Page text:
Friday, May 13, 2022

The Essex Serpent, on Apple TV+

Cora Seabourne is finally acting on her ambition to become a renowned paleontologist, or maybe rather a cryptozoologist. Up until recently, she has only been a case study in the folly of the Victorian era’s restrictive gender roles and arranged marriages. However, she is about to celebrate her new-found freedom by investigating reports of a sea creature in Apple TV+’s six-episode The Essex Serpent, adapted by Anna Symon from Sarah Perry’s novel.

In addition to being an early feminist, Seabourne is also ahead of her time refusing extraordinary measures to save her dying husband. Frankly, in his case, she arguably rebuffed some rather ordinary measures as well. Regardless, she is now rich and single, which certainly interests her abusive late husband’s physician, Dr. Luke Garrett. In fact, he even follows her to Essex where Seabourne is holidaying, to investigate the local sea monster, blamed for a series of woes that have befallen the community.

Naturally, Seabourne hopes to discover some sort of cryptid. However, the local vicar, Will Ransome, assumes it is some form of mass hysteria, like the Salem witchcraft paranoia. It would indeed appear the vicar is the only voice of reason in town, but the other pastor, not so much. Inevitably, Seabourne’s insensitivity rubs the locals the wrong way. She also conveniently refuses to notice the torch-carrying of both Dr. Garrett and her Marxist maid, Martha. However, she is keenly aware of the scandalous romantic tension building between her and the married Ransome.

Symon’s adaptation is frustrating for many reasons. First and foremost, it isn’t even sufficiently interested in the titular Essex Serpent to treat it with any sort of suspenseful ambiguity. Instead, it is simply used as a crude, didactic metaphor. Even still, there is no real resolution regarding the villagers’ curse-like misfortunes they attribute to it.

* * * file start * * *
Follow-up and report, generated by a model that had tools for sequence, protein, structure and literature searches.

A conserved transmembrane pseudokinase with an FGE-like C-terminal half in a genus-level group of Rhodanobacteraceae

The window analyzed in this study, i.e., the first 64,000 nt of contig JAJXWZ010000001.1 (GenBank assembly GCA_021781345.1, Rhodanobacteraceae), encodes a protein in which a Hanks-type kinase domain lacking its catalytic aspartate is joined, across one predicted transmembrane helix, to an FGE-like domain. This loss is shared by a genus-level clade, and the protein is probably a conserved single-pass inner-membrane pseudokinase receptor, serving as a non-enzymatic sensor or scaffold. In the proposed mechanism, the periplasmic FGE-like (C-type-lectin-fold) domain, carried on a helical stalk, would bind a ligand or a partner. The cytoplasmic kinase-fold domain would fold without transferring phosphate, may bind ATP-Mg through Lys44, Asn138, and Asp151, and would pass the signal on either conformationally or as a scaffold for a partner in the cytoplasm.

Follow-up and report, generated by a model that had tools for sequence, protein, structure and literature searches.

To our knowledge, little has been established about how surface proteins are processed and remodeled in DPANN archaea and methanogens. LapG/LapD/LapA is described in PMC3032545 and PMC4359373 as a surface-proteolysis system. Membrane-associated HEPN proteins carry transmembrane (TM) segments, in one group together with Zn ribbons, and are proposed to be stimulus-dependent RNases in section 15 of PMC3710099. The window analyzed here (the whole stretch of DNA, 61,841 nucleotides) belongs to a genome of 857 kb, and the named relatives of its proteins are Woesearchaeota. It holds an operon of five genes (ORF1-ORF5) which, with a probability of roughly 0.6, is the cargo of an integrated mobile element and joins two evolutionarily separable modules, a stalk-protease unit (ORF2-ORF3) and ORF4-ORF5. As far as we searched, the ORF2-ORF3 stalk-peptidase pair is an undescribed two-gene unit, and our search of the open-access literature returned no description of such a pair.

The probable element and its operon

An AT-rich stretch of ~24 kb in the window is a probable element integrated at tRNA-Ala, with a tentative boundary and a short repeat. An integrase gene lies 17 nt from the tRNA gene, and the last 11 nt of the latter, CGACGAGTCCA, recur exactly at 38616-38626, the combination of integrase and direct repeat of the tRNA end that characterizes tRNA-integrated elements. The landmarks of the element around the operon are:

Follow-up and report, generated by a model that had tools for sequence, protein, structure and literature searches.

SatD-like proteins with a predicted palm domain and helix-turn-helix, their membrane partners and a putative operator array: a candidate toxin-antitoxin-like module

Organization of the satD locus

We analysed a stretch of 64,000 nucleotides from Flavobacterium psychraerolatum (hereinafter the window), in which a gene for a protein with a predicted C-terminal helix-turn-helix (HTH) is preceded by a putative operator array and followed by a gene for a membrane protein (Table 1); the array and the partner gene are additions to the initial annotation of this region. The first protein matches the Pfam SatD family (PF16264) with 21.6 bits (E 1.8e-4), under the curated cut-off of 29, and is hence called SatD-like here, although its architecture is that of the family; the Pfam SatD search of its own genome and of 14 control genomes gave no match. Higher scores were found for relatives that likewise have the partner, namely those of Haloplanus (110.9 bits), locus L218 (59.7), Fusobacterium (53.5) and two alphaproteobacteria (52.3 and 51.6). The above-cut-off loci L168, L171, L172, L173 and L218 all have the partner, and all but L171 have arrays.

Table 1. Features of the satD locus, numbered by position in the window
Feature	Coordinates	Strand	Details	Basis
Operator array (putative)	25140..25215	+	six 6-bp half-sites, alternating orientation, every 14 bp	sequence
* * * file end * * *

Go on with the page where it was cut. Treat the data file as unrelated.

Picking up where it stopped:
Indeed, after spinning its wheels over several episodes worth of over-heated melodrama, the series just ends with a hum-drum thud. It doesn’t pay off and the trip getting there is not particularly interesting.

Yet, Tim Hiddleston is still quite compelling as the conflicted and guilt-wracked Ransome. Ironically, his performance probably still counts as one of the more sympathetic clergy characters recently seen in streaming series, sort of like a chaste version of Richard Chamberlain in
The Thorn Birds.

Unfortunately, Clare Danes seems badly miscast as Seabourne, who always comes across cold, distant, and shockingly unintuitive  even though her admirers are constantly telling us how charming she is. Likewise, Frank Dillane’s Garrett will strike viewers as too young and dumb to have completed medical school, let alone developing innovative heart surgery techniques. Probably the best work in the series comes from Jamael Westman as his earnest associate, Dr. George Spencer.

All six installments were directed by Clio Barnard, who helmed some aesthetically distinctive films, particularly
The Selfish Giant and The Arbor, but Essex Serpent is visually and stylistically quite conventional. It has the look and texture of a routine BBC period drama, with nothing special to distinguish it or convey the merits of Perry’s novel. Not recommended, The Essex Serpent starts streaming today (5/13) on Apple TV+.